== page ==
View the full article on Forbes.com here.
Tour Pros Are Relying On This Game-Improvement Golf App
Dana Finklestein may not be a household name yet, but technology may soon change that. The LPGA Tour player began using the V1 Game app from V1 Sports roughly two months ago, and has already seen improvement in the way she plays and scores.
After hearing about it from another player, Finkelstein checked out the app and thought it looked pretty interesting.
“I started using it and really love how simple it is,” she says. “And I’ve already made an equipment change in part because of the app. Recently, I’ve been really struggling with putting. So I ordered a new putter, just because of how poor my stats are showing me a couple of trends in the way I’m missing putts. Hopefully that new putter will start showing up in the app in a positive direction. My issue was mainly with speed control. I’ve been three-putting a lot. I’ve seen it obviously on the course but V1 Game’s also showing me that I’m really struggling with 40-foot-plus putts. So trying something new is probably not going to be a bad thing. I’m going from a toe-hang mallet to a face-balanced model.”
The app is also confirming to Finkelstein that the iron, wood and shaft changes she made earlier in the year are paying off. “I’ve already started to notice a positive trend in my stat tracking that my driving and approach shots — some of the metrics that the V1 Game shows — have drastically improved even just in the three events I’ve played in with them. So that’s really cool to see. It’s just nice to see like all of the hard work I put in this offseason starting to pay off — seeing my short game improve and some of the things I did with my equipment starting to pay off.”
Although Finkelstein can use V1 Game and its automatic shot tracking during tournament rounds, she prefers not to because she’s afraid she’ll leave her phone ringer on by accident. Thus, she inputs all of her round data afterwards.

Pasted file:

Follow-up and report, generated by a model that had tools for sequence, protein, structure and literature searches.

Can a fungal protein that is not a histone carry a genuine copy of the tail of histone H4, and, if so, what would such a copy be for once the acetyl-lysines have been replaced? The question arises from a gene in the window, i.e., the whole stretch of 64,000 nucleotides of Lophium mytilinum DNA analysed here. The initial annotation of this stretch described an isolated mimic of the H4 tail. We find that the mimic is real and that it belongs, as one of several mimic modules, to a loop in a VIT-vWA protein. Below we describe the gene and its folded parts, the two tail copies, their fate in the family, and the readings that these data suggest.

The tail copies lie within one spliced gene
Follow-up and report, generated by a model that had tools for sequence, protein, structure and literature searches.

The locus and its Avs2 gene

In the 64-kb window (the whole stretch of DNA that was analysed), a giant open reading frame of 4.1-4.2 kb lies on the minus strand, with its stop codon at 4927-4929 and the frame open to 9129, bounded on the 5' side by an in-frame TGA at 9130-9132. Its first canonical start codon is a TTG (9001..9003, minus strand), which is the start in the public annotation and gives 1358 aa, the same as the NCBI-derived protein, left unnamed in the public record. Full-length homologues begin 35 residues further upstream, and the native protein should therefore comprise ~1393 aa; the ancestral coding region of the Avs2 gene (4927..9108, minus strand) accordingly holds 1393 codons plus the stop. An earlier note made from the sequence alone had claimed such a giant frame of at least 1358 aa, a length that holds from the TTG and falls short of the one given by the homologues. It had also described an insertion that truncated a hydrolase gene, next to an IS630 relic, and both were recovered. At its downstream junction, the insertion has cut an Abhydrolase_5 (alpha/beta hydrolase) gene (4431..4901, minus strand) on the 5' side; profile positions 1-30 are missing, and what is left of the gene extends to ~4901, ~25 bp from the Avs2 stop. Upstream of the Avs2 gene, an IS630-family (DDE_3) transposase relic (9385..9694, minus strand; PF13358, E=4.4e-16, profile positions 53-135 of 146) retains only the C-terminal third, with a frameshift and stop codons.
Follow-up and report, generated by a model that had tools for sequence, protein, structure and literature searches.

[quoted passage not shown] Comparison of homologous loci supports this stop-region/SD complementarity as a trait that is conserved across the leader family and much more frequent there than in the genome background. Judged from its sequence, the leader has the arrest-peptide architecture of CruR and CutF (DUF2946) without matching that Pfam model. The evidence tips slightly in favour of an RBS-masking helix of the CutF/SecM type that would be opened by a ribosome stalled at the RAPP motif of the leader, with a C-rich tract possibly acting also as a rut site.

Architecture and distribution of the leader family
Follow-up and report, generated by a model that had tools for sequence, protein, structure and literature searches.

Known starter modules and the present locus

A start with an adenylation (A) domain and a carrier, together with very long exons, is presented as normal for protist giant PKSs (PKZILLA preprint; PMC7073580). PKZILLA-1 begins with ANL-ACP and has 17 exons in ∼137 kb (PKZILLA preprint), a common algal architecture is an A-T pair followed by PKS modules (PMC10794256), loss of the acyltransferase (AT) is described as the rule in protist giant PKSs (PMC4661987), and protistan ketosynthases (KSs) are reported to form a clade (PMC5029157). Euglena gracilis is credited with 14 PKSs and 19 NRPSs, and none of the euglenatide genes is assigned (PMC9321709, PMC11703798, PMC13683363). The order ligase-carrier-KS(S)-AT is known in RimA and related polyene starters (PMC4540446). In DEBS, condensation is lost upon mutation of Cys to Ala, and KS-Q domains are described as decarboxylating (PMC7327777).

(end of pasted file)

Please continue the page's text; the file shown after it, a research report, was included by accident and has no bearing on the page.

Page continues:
And in practice, she has used V1 Game to help improve her wedge play. “There’s a way you can break down seeing what distance of approach shots you may be approximately to holes that are not as good as another,” she says. “So if after a week I see I’m not as good from 80-to-100 as from 100-to-125, I might spend a few extra minutes working on those types of distances.” Finkelstein shares the data with her caddie, who also happens to be her boyfriend, and her swing coach after each tournament. They review the data together in a “deep dive” and dissect what needs working on for the next off week. Finkelstein’s also used the app’s Virtual Caddie and Virtual Coach features in practice rounds. The Virtual Caddie uses current weather and wind conditions, plus your personal history, to make club suggestions for your next shot. Virtual Coach helps by suggesting what parts of your game to practice on.
“Wind can really affect which club you should use — that Virtual Caddie feature alone is really helpful for amateurs,” says Finkelstein. “For someone who doesn’t play a lot and doesn’t really know how far their clubs go, the more data they get in there, the better the app can spit out information. I think it will really help people improve very quickly.”
Finkelstein is just one of several Tour pros who have recently started using the app on their own, without any endorsement incentives. V1 Game is a free download, and at that level it will plot where it senses you hit your shots — as well as provide GPS distances for any course you play. But you will need to manually enter in — live or post-round — which club you used for each shot. There are several in-app upgrade price tiers offered: It’ll cost you $12/month to get advanced stats plus both Virtual Coach and Virtual Caddie. But if Tour pros are gravitating toward it, maybe the rest of us should too.
Download V1 Game in the app store today and start tracking your golf performance like the pros.